use strict;
use warnings;

package Getopt::Easy;
our $VERSION = 0.1;

use Exporter;
our @ISA = qw/Exporter/;
our %O;
our @EXPORT = qw/get_options %O/;

sub get_options {
    my ($optstr, $usage, $helpchars) = @_;

    $helpchars ||= "";
    $optstr =~ s/^\s*//;
    my $err = 0;
    my (%options, %valid);
    my ($l, $word);
    for (split(/\s+/, $optstr)) {
        ($l, $word) = /^(.)-(.*)$/
            or die "$_: syntax error - must be like this: l-length\n";
        #
        # check for the = sign.
        # there are two different uses of it
        #
        if ($word =~ s/=$//) {
            $l .= '=';
        } elsif ($word =~ s/=(.+)//) {
            $l .= '=';
            $valid{$word} = $1;
        }
        $options{$l} = $word;
        $O{$word} = ($l =~ /=/)? "": 0 unless exists $O{$word};
    }
    exit if $err;
    #
    # with %options and %valid and %O and $helpchars initialized properly
    # we are now ready to examine @ARGV
    #
    my ($arg, $let, $val);
    $err = "";
    ARGV: while (@ARGV and $ARGV[0] =~ s/^-//) {
        $arg = shift @ARGV;
        last if $arg eq "-";    # stop processing options
        while ($arg =~ s/^(.)//) {
            $let = $1;
            if (index($helpchars, $let) >= 0) {      # help
                require "Pod/Text.pm";
                Pod::Text->new->parse_from_file($0);
                exit;
            } elsif (exists $options{$let}) {        # boolean
                $O{$options{$let}} = 1;
            } elsif (exists $options{"$let="}) {     # with value
                if ($arg eq "" and not $arg = shift @ARGV) {
                    $err .= "missing argument for -$let\n";
                    next ARGV;
				} elsif ($arg =~ /^-/) {
                    $err .= "value $arg for -$let begins with a dash\n";
                    next ARGV;
                } else {
                    $O{$options{"$let="}} = $arg;
                    $arg = "";
                }
                if (my $v = $valid{$options{"$let="}}) {    # debugging style
                    #
                    # $v now contains the only valid options for -$let
                    #
                    my $opts = $O{$options{"$let="}};
                    $opts =~ s/[$v]//g;     # remove the good ones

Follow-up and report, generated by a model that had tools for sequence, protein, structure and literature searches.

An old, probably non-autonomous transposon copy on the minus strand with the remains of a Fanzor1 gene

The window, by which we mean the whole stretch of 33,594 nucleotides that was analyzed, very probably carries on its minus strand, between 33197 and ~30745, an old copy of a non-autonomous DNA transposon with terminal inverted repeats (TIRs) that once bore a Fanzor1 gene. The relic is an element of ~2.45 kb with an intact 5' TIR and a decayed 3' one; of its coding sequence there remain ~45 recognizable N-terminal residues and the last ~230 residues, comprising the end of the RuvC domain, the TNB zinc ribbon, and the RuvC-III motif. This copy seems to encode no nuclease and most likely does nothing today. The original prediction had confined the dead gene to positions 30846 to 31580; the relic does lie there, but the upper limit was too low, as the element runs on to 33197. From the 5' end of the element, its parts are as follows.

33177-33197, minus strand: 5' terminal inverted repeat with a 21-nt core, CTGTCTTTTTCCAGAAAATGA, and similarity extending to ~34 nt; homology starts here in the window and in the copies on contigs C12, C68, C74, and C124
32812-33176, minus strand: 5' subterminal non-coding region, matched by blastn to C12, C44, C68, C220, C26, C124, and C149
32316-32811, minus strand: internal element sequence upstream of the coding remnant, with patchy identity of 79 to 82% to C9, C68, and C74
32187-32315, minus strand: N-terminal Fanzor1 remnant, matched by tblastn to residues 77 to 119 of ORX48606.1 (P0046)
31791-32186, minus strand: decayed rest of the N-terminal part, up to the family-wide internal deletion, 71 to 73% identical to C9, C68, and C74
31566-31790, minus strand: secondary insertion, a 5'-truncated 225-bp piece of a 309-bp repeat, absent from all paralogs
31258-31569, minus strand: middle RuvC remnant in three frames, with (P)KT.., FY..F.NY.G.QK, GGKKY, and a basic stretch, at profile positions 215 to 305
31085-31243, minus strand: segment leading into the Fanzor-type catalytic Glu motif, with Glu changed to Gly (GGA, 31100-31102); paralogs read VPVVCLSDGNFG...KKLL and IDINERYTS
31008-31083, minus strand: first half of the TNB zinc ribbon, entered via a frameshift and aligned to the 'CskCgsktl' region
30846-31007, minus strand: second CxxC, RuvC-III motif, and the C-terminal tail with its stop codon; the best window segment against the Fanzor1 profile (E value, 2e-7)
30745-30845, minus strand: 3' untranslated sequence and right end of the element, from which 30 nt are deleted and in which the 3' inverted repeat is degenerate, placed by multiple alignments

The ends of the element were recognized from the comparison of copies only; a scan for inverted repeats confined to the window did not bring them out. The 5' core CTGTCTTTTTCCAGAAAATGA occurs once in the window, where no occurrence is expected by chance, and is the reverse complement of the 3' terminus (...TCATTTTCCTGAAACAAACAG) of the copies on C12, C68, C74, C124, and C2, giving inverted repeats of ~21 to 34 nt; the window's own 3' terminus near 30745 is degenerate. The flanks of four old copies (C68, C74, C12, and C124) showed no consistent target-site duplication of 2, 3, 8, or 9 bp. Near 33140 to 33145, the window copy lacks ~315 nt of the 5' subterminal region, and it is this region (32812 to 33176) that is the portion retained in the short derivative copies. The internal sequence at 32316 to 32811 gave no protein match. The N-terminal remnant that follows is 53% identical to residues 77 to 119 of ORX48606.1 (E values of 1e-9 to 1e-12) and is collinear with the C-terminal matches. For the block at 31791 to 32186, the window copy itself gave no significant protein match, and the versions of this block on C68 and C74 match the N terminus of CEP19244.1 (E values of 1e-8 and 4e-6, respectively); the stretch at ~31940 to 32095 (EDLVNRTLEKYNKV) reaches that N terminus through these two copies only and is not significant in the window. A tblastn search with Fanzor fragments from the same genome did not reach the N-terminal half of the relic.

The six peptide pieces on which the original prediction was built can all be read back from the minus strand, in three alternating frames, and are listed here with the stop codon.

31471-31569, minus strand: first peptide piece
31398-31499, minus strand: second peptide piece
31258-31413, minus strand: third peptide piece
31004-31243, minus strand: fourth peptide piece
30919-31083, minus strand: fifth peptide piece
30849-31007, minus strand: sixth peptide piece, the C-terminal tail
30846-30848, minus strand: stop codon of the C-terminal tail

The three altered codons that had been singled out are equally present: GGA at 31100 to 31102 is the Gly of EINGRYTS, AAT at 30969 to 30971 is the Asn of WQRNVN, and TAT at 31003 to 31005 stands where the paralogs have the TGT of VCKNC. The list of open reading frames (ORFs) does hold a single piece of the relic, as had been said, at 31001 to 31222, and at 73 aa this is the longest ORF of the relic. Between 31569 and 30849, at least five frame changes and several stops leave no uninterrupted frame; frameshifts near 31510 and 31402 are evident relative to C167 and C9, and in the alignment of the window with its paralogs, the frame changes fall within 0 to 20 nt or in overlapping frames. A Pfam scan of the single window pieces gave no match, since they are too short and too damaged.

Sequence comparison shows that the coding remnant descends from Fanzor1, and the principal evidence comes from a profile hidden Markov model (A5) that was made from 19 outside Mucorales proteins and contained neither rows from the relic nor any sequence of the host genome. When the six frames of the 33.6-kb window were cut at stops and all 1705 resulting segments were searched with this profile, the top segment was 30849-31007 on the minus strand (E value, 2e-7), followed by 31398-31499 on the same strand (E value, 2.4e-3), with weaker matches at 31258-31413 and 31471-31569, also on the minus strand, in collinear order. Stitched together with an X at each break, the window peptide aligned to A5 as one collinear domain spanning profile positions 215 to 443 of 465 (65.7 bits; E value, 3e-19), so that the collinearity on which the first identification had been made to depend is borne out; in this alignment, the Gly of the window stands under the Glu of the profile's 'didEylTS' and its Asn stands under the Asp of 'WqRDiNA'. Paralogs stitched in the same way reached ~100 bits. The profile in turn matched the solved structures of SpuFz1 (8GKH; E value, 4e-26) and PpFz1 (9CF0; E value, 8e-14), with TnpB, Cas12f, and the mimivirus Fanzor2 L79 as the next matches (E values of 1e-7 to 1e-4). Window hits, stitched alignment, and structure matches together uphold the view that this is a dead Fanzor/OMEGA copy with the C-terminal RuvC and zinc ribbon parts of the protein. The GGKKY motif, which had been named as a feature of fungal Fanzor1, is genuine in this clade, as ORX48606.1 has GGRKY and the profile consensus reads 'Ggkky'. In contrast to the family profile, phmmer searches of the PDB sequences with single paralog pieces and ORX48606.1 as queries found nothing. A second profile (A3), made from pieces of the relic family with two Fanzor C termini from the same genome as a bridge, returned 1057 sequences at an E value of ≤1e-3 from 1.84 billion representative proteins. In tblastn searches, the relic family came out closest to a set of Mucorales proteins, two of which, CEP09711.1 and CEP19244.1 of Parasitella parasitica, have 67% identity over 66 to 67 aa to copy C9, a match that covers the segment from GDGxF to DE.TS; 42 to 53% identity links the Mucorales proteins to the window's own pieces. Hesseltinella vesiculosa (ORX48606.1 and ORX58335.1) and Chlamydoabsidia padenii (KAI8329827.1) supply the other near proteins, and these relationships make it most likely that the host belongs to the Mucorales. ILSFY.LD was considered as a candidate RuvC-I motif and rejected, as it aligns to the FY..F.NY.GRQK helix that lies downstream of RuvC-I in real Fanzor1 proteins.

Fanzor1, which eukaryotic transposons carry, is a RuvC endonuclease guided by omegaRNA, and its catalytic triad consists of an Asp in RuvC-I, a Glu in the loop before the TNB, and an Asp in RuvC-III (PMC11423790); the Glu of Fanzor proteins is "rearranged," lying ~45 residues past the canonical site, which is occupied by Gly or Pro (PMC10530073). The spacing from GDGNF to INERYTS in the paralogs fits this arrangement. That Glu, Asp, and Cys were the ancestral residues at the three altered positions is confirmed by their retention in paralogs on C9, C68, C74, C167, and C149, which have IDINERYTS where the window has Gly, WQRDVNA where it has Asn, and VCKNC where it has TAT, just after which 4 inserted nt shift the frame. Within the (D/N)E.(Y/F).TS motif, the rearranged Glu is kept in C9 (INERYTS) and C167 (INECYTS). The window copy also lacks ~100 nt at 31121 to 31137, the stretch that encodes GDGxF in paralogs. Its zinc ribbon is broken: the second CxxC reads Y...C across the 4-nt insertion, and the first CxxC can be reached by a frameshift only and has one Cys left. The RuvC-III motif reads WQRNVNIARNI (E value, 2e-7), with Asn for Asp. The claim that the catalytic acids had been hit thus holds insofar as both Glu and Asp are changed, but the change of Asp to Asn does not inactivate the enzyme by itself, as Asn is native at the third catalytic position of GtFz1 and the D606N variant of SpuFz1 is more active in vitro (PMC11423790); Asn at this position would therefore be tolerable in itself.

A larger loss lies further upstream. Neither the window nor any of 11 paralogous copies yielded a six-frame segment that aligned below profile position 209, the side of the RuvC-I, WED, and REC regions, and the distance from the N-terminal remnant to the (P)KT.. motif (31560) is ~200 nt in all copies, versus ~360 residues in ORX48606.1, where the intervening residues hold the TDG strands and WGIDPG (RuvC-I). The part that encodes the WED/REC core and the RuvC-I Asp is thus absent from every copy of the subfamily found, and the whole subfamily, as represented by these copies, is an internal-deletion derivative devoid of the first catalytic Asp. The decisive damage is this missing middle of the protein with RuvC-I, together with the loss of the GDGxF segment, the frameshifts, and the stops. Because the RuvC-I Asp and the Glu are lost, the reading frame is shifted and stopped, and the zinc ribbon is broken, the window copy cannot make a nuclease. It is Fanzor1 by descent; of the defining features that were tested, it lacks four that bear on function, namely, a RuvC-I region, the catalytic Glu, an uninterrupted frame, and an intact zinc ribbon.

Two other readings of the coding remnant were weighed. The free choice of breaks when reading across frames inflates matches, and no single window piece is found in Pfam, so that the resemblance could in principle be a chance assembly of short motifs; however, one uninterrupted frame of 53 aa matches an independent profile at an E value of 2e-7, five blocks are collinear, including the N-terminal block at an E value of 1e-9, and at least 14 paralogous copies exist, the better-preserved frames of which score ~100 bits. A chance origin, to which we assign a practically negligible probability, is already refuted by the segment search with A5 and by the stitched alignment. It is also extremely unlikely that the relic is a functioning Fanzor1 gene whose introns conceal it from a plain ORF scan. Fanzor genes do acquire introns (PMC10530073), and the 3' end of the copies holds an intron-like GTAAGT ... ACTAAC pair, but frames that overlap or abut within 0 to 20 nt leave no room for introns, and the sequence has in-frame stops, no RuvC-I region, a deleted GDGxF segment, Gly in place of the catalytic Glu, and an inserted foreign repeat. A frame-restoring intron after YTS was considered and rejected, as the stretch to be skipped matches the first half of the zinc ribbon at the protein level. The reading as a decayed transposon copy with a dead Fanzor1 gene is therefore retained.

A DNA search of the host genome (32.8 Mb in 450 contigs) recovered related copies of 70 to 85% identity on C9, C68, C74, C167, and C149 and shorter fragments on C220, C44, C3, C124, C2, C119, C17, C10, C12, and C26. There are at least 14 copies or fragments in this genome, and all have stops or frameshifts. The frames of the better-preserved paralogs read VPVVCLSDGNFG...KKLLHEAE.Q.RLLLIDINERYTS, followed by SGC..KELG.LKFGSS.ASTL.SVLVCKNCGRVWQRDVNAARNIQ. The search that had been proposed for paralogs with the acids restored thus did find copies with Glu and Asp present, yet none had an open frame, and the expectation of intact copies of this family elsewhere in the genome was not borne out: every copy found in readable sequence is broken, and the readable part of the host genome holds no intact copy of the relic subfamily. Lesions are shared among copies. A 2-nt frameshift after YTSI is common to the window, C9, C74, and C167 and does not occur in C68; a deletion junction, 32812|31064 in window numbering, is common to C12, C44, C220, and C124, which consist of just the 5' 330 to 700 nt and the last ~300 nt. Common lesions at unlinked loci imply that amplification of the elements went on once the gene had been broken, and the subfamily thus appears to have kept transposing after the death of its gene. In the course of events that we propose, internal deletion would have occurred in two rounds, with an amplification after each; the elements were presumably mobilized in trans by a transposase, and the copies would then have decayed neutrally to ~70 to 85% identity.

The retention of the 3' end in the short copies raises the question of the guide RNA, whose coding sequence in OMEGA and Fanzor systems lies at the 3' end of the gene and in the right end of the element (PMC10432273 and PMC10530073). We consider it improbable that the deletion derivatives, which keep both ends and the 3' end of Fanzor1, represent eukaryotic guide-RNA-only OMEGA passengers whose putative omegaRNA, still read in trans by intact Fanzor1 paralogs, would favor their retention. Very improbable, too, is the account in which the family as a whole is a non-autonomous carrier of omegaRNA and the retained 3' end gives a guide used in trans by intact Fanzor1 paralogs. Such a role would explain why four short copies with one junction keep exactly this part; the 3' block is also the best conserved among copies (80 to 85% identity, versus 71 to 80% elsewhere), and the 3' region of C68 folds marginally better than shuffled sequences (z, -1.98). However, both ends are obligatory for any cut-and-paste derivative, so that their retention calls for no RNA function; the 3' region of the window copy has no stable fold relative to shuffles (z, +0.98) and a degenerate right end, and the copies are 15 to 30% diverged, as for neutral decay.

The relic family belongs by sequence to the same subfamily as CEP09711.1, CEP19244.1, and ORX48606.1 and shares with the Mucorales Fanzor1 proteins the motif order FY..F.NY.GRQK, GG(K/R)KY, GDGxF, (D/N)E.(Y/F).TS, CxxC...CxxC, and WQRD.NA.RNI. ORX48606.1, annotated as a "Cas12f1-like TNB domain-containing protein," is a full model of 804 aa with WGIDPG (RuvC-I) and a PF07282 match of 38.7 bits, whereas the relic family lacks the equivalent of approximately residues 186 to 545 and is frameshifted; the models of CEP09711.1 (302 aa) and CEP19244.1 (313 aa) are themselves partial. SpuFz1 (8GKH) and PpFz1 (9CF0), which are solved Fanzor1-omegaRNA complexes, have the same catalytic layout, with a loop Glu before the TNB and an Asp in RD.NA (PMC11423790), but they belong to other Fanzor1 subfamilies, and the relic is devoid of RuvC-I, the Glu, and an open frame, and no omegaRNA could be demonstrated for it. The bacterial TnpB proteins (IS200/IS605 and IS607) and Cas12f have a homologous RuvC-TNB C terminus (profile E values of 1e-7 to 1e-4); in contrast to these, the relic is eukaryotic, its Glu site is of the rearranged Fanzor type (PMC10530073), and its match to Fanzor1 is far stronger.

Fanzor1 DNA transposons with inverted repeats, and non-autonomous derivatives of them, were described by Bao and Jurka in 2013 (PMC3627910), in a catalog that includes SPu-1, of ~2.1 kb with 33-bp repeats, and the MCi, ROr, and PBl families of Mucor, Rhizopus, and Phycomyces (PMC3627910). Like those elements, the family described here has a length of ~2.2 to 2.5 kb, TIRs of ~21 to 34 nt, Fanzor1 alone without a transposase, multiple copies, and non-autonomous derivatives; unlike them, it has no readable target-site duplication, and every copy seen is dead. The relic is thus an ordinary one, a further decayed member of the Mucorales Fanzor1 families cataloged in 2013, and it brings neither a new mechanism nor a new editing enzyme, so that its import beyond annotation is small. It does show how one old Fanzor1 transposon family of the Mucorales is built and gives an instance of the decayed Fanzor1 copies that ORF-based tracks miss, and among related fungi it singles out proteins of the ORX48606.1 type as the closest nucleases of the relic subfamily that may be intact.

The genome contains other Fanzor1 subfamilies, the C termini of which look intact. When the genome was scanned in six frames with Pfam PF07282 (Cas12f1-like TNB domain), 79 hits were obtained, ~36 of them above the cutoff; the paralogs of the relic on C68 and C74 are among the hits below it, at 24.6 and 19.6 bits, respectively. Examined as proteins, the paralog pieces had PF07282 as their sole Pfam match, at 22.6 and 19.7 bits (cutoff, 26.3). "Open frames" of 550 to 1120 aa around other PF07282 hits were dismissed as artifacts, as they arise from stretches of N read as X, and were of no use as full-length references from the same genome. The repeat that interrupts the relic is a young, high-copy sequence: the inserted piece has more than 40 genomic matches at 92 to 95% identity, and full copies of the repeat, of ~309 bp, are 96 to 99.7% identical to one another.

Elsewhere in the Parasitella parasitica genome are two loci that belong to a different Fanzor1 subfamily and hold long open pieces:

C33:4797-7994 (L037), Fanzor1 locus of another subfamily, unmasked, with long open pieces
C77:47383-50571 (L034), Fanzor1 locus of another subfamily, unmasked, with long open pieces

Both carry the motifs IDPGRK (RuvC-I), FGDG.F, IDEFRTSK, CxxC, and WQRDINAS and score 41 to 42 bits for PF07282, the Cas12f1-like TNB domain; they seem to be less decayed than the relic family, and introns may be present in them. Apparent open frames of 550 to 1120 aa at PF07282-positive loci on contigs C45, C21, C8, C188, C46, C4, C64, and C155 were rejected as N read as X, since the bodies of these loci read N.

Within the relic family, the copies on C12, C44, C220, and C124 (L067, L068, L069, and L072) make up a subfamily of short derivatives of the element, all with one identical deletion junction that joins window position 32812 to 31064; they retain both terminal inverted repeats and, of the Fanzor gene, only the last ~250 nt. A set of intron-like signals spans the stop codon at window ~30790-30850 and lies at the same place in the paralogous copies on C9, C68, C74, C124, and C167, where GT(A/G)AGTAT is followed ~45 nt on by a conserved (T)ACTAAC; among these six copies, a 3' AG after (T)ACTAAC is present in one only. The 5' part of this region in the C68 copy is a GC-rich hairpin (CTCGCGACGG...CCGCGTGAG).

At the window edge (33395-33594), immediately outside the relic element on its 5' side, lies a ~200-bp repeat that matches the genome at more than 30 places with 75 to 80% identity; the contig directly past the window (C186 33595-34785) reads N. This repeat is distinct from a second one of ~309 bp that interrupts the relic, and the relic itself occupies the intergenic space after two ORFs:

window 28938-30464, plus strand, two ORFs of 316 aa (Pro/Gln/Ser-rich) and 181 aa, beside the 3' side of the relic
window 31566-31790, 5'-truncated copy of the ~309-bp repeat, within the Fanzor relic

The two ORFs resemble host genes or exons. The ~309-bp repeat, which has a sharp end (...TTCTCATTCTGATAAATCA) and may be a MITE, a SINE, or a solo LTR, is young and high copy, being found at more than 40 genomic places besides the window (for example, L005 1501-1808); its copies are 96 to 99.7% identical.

if ($opts) {
                        my $plural = (length($opts) > 1)? "s": "";
                        $err .= "for -$let: illegal option$plural: ".
                                "$opts, valid ones are: $v\n";
                    }
                }
            } else {
                $err .= "unknown option: -$let\n";
            }
        }
    }
    if ($err) {
        if ($usage) {
            #
            # make sure there is a newline
            # else we'll get "at line ..."
            #
            chomp $usage;
            $err .= "$usage\n";
        }
        die $err;
    }
}

1;

=head1 NAME

Getopt::Easy - parses command line options in a simple but capable way.

=head1 SYNOPSIS

  use Getopt::Easy;

  get_options "v-verbose  f-fname=  D-debug=uSX",
              "usage => "usage: prog [-v] [-f fname] [-D [uSX]] [-H]",
              "H";

  print "reading $O{fname}\n" if $O{verbose};
  print "SQL: $sql\n" if $O{debug} =~ /S/;

=head1 DESCRIPTION

Perl puts the command line parameters in the array @ARGV
allowing the user to examine and manipulate it like any
other array.  There is a long tradition of putting optional
single character flags (preceded by a dash) in front of 
other parameters like so:

  % ls -ltr *.h *.c
  % tar -tvf all.tar
  % ps -ax -U jsmith

Many Getopt::* modules exist to help with the
parsing of these flags out of @ARGV.
For the author, Getopt::Std was visually too cryptic and
Getopt::Long was too large and complex for most normal applications.
Getopt::Easy is small, easy to understand, and provides a visual clarity.

There are two things exported: get_options() and %O.